Oil prices stumble, but Iran sanction fears limit losses

May 02, 2018, 04:21

On the other hand, the significant number of speculators betting on rising crude oil prices makes going long the commodity a fairly risky trade. Futures for September delivery had risen 0.6% to 444.2 yuan per barrel on Friday, gaining 5.7% this month.

Oil prices slid more than 1 percent on Tuesday as the dollar remained near a four-month high, but worries that U.S. President Donald Trump will pull out of the Iran nuclear deal underpinned the market.

U.S. West Texas Intermediate futures CLc1 were up 47 cents on the day to settle at $68.57.

London Brent crude for new July delivery was up 1 cent at $74.70.

While upside risks to the forecast include constraints to US shale oil output, geopolitical risks in several producing countries, and concerns the United States may not waive sanctions against Iran, downside risks include weaker compliance with the oil producers' agreement to restrain output or outright termination of the accord, rising output from Libya and Nigeria, and a quicker-than-expected rise in shale oil output.

Oil rallied last month to the highest level in more than three years amid concern that a US withdrawal from the nuclear deal would result in fresh export curbs, as well as issues including the conflict in Syria and tensions between Saudi Arabia and Iran-backed rebels in Yemen. Analysts said the market is extremely sensitive to any developments on the nuclear deal and sanctions. The greenback strengthened 0.4 percent to $1.2036 against the euro, blunting the appeal of commodities priced in the US currency.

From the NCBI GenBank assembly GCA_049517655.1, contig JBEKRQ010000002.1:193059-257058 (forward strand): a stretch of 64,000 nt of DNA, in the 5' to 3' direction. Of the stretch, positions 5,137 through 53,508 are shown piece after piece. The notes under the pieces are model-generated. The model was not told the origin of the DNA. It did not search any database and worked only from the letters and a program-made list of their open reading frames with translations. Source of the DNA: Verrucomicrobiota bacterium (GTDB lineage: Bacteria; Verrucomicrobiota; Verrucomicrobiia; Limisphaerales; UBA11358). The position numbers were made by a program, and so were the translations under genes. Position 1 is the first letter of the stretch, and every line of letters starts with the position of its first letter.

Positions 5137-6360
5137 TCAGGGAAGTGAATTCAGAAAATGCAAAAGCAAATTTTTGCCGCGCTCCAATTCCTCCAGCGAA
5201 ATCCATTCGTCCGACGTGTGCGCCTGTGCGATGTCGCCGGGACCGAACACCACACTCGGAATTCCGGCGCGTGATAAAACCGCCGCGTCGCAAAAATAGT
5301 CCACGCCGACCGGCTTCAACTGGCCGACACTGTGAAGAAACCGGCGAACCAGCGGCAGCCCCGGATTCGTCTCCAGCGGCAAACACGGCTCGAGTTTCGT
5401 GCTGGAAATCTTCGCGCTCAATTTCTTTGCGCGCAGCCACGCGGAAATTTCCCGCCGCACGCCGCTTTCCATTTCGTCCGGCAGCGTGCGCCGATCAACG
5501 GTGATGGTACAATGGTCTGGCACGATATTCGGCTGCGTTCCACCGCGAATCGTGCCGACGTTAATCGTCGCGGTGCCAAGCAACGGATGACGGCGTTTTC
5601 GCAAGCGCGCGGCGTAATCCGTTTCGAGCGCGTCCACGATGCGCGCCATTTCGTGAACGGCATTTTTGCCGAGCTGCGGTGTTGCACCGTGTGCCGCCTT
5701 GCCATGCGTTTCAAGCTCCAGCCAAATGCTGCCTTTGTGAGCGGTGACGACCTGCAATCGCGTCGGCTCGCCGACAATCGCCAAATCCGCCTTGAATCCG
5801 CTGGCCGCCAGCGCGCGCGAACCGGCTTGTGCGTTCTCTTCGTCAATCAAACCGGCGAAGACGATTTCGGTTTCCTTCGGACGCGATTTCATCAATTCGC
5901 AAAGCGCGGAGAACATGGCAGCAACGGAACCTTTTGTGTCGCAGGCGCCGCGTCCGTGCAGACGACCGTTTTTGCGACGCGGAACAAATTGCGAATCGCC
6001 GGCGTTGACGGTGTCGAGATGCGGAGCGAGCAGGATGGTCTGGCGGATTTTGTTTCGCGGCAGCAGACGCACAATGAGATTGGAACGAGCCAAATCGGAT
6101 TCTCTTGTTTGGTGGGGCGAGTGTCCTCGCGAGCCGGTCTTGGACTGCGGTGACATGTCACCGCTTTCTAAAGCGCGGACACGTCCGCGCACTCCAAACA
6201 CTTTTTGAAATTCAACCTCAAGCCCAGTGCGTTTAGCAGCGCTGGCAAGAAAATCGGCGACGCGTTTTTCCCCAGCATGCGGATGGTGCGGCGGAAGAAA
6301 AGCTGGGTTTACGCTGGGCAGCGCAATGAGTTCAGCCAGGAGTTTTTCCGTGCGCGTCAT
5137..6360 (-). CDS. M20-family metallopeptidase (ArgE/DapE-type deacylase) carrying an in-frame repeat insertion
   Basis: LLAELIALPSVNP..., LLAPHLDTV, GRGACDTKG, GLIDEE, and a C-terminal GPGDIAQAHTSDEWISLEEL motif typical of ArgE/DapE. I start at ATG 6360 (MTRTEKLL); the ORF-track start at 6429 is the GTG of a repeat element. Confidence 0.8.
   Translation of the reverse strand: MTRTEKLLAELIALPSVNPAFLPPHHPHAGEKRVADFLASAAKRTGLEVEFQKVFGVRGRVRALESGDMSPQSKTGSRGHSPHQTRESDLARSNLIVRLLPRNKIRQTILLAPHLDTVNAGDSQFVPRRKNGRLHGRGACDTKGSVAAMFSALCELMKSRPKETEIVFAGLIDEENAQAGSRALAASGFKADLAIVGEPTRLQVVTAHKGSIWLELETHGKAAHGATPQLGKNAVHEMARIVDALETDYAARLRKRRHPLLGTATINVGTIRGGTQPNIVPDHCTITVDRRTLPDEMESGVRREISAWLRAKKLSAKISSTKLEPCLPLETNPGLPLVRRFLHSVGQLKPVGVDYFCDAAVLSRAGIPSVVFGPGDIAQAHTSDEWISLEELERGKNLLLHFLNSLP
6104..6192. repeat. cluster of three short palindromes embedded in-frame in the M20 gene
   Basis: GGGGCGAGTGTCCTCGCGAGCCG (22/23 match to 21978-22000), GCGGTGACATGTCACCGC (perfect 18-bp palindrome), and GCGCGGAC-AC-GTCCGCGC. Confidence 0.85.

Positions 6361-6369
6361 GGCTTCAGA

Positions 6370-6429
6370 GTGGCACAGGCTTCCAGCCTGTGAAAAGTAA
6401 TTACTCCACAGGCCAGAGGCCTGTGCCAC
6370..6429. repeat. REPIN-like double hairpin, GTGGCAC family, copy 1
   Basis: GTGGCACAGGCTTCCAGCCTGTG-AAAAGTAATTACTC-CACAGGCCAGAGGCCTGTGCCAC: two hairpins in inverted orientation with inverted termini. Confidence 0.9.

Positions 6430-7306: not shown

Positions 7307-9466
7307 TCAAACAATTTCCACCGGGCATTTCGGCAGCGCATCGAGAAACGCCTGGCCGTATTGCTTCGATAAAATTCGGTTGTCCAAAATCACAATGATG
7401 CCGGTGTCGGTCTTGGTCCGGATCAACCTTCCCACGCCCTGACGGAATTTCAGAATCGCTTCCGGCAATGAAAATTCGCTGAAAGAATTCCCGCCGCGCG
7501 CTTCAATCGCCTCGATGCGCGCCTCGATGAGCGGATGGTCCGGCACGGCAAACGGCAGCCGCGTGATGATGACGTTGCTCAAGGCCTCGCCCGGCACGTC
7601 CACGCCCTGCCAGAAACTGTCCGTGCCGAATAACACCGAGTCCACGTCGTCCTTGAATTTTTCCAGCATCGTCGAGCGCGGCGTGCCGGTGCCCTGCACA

Crude oil futures eased 0.77 per cent to Rs 4,512 per barrel today as investors cut positions amid a weakening trend in Asian markets.

Israel shared with the USA documents on a secret Iranian nuclear-weapons program and the US has verified their authenticity, according to a person familiar with the matter.

Data showed US personal income rose just 0.3 percent in March, compared with expectations of 0.4 percent. "Since the market is already tight because of the high production outages in Venezuela and the production cuts implemented by OPEC and Russian Federation, any further reduction of supply weighs all the more heavily", the bank said.

The Federal Reserve is also due to meet this week, and while no rate hike in benchmark US interest rates is expected, investors will look for clues on the future pace of increases.

USA crude's discount to Brent hit its widest since December 28 at $6.74 a barrel.

The U.S. Energy Information Administration reported Monday that oil production rose to a record 10.264 million barrels a day in February.

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